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Will these be game changers for online retail in 2020?

From the rise of buy-now pay-later platforms to the emergence of contextual commerce, here’s what could change the face of online retail in 2020 and beyond.

In 2018, Australians spent $27.5 billion buying goods online - up 13% from the year before. But what’s the next game changer that will propel sales even higher? Three eCommerce entrepreneurs shared their predictions at the Online Retailer Conference 2019 in Sydney.

Australia Post’s General Manager for Segment Development & Marketing, Rebecca Burrows, set the scene by outlining three game changers that drove the growth of online sales in 2018.

She observed that events like Black Friday and Cyber Monday had originated overseas but were the biggest online shopping week in Australia’s history last year, recording strong growth of over 28% year-on-year (PDF 6.2MB).

“The increase in popularity of these events has had a marked effect on seasonal growth. Shoppers are choosing to wait for a bargain, which means retailers have to manage fluctuating inventory levels and margin erosion,” Rebecca told the audience.

Other factors include the rise of buy-now pay-later platforms to meet shoppers’ demands for a frictionless end-to-end shopping experience; the growth of mobile shopping as consumers become more comfortable making purchases on smartphones; and finally, a 31% growth in marketplaces last year.

Contextual commerce

Shane Lenton, CIO of CUE Clothing, meanwhile, said contextual commerce would be the biggest game-changer for 2020 and beyond. Contextual commerce involves seamlessly implementing purchase opportunities into everyday activities and natural environments.

“In other words, customers can buy anything, anywhere, any time with the click of a button or even just their voice. It's a purchase being made in the moment,” Shane said.

Examples include conversational commerce; click-to-buy buttons on a product details page rather than requiring the shopper to go to a checkout; and buying in social media platforms without having to leave the platform.

“It's about providing the opportunity for customers to complete a purchase and transaction when they're in the moment, without having this notion of immersion and then jumping onto a different device or looking to transact later,” Shane explained.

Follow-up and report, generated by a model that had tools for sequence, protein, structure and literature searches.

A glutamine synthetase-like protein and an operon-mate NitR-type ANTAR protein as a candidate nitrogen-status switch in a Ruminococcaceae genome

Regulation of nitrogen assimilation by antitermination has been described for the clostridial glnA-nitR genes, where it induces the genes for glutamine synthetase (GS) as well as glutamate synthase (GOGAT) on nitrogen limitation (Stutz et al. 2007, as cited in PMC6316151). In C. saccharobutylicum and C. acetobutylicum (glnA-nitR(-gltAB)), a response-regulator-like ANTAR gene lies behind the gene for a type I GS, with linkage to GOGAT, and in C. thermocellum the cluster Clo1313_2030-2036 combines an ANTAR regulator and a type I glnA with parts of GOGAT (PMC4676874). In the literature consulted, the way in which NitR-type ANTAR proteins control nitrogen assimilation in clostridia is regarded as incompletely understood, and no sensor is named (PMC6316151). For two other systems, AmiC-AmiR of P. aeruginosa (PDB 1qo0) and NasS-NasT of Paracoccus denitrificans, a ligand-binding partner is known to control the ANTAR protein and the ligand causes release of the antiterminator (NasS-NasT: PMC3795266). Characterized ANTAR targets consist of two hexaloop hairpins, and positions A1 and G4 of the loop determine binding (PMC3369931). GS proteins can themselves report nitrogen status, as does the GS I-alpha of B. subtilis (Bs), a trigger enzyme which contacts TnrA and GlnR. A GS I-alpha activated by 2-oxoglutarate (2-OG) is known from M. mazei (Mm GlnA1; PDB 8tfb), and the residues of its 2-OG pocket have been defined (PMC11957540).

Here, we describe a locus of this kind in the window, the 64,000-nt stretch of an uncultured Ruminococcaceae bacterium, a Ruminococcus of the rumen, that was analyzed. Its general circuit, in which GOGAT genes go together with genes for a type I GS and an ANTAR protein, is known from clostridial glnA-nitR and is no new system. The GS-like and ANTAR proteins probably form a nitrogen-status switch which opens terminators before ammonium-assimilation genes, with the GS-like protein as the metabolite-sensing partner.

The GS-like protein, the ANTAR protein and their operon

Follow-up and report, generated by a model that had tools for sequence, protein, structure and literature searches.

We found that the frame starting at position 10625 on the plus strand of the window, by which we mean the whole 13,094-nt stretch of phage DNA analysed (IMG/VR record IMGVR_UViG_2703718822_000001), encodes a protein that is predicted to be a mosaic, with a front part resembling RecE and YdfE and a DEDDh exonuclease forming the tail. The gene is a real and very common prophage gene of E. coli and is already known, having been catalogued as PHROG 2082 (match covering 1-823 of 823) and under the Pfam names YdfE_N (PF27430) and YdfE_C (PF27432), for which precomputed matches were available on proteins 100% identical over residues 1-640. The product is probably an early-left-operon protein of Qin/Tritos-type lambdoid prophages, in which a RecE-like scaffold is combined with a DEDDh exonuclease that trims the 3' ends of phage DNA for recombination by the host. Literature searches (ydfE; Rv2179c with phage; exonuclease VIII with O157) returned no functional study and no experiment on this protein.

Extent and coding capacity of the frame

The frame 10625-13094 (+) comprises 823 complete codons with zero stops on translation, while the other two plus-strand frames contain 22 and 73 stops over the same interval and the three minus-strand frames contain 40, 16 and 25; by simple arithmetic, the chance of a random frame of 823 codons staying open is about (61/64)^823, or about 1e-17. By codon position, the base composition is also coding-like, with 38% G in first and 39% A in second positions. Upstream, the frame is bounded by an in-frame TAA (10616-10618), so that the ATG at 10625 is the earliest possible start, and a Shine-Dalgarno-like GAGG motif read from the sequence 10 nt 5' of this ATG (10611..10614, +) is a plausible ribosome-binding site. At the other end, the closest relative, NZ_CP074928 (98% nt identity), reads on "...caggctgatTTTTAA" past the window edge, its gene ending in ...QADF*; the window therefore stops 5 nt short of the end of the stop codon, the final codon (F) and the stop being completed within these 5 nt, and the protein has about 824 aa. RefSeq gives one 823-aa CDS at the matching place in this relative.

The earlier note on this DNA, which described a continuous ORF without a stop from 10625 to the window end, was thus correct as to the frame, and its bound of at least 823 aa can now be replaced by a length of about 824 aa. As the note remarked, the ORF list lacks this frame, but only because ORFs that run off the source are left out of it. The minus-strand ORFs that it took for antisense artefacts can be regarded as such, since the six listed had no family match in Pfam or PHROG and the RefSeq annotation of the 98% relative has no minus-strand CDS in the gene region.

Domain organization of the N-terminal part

“The majority of payment platforms are already available. It's now a matter of us as businesses and business leaders adopting these features - our customers will be adopting them, as well as our competitors.”

Shane said the opportunity for retailers is allowing customers to buy something on Instagram without leaving the site or recommending a product to a customer on a messaging platform and allowing them to buy it then and there.

“Contextual commerce is going to enable these transactions. Disruption is happening and the world and online retail are changing. We need to evolve with it.”

A sense of purpose

Julie Mathers, Founder & CEO of vegan and ecofriendly product site Flora & Fauna, focused on a societal trend. She pointed out that purposeful businesses – those using their power to do good, drive change and are focused on things other than just revenue and margin – will be the game changers.

“It’s because anyone born after 1980 – millennials and the next generation – are massively driven by purpose,” she said.

The numbers reveal how much purpose matters to this generation. According to Julie, millennials want to work for businesses with values that reflect their own; most are happy to take a pay cut to do so; and they want to shop with brands that have a purpose beyond the products.

The importance of the trend is magnified by the fact that by 2020, millennials will overtake Generation X to become the largest spending group. By 2025, 75% of the workforce will comprise millennials, according to data from US think tank the Brookings Institution.

“So ignore purpose at your peril,” Julie emphasised.

No game changer but stronger sales

Tony Nash, CEO and founder of online bookstore Booktopia, took a different tack, arguing there would be no game changer but that online sales would continue to grow nonetheless.

In the 15 years of running Booktopia, he’s seen sales grow at the online bookstore at an average of 30% a year, rising from $9 million in 2009 to $130 million today.

“My message is to position yourself to be there for your customers as they choose to buy online. It's very comforting for all of us to know that more and more people are buying online.”

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